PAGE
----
I’m on a tour bus at 7am. There are 36 youths ranging in ages from 12 years to 18 years, along with 14 adults crammed into every seat and the air conditioning is already on full blast to combat the crush of perspiration and excitement. The adults are already tense and the kids have been going full tilt since 6am and already my nerves are beginning to fray. We are just 30 minutes into a six hour bus ride and I’ve asked myself twice in that short and yet oh so eternal time span, “Will I survive a jump from this bus at this rate of speed and on the hard asphalt?”
We arrive at our destination and I’m still feeling as if I have been shanghaied, dressed in circa 1850’s pioneer garb and dragged out to Central Wyoming to work on a chain gang for crimes against fashion, when an elderly man approaches me, Super Mom and the five young souls who will be part of our pioneer family re-enactment of the Martin Handcart Company.
“Follow me and we will grab one of these handcarts and you can start throwing your stuff on it,” he’s saying to me but after his words are filtered by my brain what he’s really saying to me is, ‘You can run right now but you’re surrounded by dirt, tumbleweeds, sagebrush, snakes and prairie dogs for hundreds of miles. You’re gonna pull this hand-made, two wheeled contraption until your mouth (and every body cavity) are filled with dust, your hands are blistered and your legs feel like two very large and awkward sacks of potatoes and you’re going to regret that you got on that bus that brought you here!’
I readily admit that before I started this experience that I was reluctant and I probably was more concerned about other things the moment I donned my pioneer gear. To be exact – I had the wrong (bad) attitude. I have participated in many youth activities as an adult leader and it is hard to remain objective when all you are bombarded with every day in life is cynicism, negativity and an overall feeling that the world is going to hell in a handbasket.
Wayne T., a dear friend and brother once told me, “If you take ‘me’ out of the equation and just perform your duties, everything else will fall into place.” So the moment I removed my inhibitions, my pessimism and my skeptisism from the equation and concentrated on making the experience a learning, thought-provoking and spiritual experience for the young people in my care, suddenly everything became clearer and my perspective on how I can influence my young charges was amplified.
Three days I was out there without a shower. Some people may have noticed – I didn’t care. Three days I trudged back and forth with these wonderful people in the heat, dust and that wretched dry wind. Some people may have noticed – I didn’t care. I only cared about the experience and it made a tremendous impact on me and I daresay, it had a huge affect on our entire group.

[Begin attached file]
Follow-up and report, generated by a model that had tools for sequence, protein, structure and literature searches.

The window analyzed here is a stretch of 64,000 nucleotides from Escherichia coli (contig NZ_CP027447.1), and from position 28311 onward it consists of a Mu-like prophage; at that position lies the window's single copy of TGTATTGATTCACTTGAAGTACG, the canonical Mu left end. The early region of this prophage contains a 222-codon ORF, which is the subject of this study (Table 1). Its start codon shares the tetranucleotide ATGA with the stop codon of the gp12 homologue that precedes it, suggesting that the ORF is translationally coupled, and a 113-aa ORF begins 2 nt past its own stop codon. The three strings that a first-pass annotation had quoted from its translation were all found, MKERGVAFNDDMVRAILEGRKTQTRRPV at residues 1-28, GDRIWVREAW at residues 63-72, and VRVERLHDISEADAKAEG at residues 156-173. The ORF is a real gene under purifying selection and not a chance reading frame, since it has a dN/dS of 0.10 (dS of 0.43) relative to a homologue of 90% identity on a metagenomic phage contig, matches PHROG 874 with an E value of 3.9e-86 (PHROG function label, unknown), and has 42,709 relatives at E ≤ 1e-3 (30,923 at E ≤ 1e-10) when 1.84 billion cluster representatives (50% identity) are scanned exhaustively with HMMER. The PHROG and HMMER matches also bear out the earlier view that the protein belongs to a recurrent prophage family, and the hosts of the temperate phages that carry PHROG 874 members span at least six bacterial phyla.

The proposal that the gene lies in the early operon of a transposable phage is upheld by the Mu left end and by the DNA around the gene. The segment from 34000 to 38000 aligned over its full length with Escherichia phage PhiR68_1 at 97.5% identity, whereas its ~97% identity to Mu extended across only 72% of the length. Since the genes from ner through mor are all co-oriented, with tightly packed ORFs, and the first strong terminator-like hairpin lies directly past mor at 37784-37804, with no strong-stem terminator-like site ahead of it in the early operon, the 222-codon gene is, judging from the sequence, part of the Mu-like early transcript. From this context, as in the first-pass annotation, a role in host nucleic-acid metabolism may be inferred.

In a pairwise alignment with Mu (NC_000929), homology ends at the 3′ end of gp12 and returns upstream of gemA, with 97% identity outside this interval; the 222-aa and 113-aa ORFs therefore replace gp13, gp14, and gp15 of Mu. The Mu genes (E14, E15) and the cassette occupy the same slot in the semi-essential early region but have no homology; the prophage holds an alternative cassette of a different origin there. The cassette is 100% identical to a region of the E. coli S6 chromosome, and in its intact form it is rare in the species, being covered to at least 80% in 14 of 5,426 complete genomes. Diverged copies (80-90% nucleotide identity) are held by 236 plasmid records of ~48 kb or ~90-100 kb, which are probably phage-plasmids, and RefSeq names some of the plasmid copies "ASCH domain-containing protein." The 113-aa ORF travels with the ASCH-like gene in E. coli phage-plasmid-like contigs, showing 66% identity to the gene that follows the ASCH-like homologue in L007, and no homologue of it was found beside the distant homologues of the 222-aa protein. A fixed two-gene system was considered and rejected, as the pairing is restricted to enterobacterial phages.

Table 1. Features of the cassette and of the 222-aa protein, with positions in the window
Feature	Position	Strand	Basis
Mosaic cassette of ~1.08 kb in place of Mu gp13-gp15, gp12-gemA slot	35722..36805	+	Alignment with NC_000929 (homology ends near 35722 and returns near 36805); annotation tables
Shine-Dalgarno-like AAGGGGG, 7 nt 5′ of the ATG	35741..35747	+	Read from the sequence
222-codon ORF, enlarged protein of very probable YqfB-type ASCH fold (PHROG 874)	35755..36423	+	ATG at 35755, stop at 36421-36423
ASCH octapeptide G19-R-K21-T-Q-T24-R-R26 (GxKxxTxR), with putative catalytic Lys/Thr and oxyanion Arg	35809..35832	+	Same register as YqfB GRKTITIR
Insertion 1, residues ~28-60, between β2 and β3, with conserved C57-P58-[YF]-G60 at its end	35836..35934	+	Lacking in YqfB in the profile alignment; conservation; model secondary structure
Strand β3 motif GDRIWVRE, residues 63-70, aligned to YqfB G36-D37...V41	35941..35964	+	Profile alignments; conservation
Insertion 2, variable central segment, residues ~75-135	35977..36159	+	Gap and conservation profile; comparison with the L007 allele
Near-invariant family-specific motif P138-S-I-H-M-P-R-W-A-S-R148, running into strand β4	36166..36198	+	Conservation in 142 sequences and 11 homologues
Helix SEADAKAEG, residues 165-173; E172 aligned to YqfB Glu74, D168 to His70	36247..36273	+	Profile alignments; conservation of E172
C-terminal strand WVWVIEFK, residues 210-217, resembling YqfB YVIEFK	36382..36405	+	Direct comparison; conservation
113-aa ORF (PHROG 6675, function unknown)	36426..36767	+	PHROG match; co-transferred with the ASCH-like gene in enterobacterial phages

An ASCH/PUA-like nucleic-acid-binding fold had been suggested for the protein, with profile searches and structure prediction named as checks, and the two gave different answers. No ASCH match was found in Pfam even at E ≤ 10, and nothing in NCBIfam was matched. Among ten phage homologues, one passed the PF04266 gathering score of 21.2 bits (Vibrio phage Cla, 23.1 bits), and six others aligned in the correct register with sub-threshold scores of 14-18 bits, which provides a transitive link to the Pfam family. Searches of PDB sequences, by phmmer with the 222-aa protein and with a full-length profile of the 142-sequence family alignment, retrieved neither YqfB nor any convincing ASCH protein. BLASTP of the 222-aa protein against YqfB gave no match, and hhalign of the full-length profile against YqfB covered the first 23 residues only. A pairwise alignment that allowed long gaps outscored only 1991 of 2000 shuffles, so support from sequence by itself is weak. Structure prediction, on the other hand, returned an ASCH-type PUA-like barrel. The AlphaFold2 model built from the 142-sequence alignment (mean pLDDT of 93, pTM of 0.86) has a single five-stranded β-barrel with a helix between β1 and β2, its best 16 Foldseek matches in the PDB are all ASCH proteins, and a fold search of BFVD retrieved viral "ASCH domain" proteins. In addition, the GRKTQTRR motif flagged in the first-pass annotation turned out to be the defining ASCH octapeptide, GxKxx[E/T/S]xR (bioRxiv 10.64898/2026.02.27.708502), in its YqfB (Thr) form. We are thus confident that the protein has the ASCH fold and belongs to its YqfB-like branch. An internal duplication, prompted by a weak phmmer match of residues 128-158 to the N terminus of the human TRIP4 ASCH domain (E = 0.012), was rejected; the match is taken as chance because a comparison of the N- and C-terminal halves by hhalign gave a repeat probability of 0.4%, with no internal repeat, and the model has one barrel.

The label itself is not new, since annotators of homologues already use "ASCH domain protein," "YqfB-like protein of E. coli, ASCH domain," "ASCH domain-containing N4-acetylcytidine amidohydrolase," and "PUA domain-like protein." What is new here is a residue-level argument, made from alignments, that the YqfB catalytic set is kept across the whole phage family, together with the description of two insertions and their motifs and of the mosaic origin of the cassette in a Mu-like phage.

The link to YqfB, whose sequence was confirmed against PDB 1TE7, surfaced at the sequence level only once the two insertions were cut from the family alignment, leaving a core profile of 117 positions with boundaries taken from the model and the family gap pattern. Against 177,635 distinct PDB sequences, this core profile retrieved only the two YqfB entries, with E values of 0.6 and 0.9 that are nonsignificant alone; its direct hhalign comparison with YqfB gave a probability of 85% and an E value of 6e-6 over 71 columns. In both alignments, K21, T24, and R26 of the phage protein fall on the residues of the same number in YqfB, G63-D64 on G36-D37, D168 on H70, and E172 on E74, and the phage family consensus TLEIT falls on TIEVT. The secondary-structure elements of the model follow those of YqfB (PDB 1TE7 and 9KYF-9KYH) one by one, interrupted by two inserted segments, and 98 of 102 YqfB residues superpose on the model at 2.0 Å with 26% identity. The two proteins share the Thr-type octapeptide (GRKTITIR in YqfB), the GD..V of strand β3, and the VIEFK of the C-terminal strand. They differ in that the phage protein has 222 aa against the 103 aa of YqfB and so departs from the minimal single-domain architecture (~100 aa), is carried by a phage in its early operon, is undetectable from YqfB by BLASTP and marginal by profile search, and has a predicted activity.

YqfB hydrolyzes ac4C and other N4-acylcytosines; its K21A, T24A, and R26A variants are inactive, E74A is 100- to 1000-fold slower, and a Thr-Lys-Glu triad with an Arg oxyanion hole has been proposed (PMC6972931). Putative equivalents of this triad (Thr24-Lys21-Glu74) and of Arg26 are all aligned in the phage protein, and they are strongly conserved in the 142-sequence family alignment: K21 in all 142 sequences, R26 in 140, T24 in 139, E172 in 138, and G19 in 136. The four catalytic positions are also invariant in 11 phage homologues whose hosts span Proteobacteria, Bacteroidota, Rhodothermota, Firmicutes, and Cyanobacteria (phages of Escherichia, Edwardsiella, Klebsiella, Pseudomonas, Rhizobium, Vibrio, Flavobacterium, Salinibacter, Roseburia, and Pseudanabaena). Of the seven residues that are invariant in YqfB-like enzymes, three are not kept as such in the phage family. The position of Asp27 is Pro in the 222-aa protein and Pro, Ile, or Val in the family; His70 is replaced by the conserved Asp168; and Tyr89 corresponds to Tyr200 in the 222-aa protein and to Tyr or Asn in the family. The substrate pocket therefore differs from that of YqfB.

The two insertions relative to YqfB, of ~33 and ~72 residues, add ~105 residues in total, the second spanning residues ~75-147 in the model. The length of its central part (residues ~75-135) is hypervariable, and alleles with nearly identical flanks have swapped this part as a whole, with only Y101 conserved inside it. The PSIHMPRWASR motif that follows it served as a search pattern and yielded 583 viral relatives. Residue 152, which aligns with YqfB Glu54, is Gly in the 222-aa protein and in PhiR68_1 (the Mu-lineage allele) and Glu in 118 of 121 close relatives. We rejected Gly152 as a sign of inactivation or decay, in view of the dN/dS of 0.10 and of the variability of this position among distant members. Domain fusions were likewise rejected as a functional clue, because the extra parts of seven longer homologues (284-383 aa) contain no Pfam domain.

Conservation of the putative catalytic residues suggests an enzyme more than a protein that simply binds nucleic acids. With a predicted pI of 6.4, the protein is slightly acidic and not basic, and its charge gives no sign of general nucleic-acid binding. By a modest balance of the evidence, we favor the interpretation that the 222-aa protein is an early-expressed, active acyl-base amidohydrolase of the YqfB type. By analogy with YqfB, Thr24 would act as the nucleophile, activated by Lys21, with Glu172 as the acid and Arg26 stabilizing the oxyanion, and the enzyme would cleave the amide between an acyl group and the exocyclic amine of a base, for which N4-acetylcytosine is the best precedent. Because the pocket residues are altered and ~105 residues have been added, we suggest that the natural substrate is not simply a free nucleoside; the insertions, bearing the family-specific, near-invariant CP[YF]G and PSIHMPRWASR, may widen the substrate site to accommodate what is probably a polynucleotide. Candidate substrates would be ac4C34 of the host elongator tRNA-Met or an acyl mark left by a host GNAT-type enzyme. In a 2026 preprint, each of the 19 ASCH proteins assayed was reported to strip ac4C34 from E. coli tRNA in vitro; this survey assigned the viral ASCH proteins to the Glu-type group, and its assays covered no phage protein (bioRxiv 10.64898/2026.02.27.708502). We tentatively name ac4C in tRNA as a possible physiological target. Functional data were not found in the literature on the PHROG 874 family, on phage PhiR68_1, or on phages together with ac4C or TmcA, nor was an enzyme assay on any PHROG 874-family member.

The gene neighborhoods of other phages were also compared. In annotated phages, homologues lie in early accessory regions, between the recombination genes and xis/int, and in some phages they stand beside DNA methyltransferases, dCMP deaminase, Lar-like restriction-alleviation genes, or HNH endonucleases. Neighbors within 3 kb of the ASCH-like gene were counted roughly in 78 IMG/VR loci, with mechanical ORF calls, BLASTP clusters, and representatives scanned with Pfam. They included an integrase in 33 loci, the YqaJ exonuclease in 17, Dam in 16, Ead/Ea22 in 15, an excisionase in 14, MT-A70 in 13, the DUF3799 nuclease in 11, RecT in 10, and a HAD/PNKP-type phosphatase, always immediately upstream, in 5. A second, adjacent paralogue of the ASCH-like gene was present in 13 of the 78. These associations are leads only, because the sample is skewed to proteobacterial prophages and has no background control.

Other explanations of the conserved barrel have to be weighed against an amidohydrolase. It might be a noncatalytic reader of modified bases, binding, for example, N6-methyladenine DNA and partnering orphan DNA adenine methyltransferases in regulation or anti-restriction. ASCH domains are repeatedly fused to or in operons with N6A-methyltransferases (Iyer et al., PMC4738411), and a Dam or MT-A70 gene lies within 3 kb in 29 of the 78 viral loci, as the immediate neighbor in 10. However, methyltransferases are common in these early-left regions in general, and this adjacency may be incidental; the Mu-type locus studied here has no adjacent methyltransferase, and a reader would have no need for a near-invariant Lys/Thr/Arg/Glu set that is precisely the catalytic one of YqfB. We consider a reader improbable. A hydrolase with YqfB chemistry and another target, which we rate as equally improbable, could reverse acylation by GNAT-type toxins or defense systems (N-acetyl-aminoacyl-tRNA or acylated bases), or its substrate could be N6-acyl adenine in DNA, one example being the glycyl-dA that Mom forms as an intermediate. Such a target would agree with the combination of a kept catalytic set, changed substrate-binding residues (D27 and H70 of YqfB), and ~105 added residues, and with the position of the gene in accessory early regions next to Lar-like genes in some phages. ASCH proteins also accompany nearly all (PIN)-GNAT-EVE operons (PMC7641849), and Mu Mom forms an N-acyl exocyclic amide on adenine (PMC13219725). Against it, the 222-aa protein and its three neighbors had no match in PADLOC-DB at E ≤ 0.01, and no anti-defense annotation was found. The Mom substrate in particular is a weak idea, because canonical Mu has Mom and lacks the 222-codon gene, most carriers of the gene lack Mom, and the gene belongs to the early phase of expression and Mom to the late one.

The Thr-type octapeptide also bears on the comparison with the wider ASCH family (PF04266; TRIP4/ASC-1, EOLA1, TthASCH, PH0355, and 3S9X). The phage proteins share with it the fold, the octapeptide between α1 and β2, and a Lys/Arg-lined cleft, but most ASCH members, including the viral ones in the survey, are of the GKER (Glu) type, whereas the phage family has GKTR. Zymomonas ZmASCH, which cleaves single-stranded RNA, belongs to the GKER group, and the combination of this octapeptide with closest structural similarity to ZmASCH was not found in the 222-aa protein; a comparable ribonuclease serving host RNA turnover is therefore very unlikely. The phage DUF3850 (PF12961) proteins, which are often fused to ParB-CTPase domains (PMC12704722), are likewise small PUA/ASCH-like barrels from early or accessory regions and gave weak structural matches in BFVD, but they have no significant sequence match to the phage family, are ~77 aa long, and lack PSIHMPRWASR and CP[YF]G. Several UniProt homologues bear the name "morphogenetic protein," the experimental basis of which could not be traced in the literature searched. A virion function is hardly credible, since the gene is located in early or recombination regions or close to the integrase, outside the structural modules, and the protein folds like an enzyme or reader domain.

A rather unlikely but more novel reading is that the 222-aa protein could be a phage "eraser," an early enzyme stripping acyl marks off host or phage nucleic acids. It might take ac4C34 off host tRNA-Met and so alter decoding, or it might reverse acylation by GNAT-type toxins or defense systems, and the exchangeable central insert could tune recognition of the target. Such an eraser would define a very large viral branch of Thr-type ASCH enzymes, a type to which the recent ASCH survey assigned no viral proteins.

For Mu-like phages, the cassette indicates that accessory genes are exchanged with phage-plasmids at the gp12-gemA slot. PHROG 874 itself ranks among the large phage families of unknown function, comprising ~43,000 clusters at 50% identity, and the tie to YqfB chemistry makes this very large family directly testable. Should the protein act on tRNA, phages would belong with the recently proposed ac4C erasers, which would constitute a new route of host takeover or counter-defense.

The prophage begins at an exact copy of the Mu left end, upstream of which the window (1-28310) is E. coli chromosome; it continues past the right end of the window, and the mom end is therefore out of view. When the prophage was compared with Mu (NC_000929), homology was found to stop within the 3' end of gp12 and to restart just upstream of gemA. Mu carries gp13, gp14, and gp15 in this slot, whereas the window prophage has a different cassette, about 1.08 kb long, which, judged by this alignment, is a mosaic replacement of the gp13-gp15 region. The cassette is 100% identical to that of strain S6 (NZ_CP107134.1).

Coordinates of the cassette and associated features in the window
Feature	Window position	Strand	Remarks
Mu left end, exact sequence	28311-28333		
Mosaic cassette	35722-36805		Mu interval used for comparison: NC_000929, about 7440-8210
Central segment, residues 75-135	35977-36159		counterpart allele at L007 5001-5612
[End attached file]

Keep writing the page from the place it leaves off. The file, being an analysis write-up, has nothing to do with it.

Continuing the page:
There are things that happened during those three days that I consider too sacred to share but this much I will share with you – I have never felt so absolutely and positively humbled in my life. I have a renewed sense of confidence in our youth. Those young people had so much conviction, they had so much faith and they never uttered an audible complaint. I witnessed their charisma, their passion, their compassion and so many other worthy attributes that I only wish I could have displayed in my own youth.
Something about that experience really changed me and it’s hard to comprehend no less explain in my own words so I’ll use the words of someone who was much more in tune with the things of the spirit of God:
“The Lord works from the inside out. The world works from the outside in. The world would mold men by changing their environment. Christ changes men, who then change their environment. The world would shape human behavior, but Christ can change human nature.” (Ezra Taft Benson)
In spiritual terms we refer to this as a ‘conversion’ which can only take place when and if we have a ‘mighty change of heart.’ When our hearts are converted from the things that come naturally to man to the things that are more spiritual in nature, then we begin to assume spiritual qualities in our daily life.
I am grateful for the things that I felt and experienced last weekend and I’m blessed to have shared those experiences with Super Mom and my sons. I hope to assume more spiritual qualities in my life by doing the little things that will make me better in every aspect of life. I am blessed and grateful for wonderful people who surround me, support me and give me honest advice. And I’m especially grateful for the young people of today whose exemplary behavior remind me daily that I’m still a work in progress.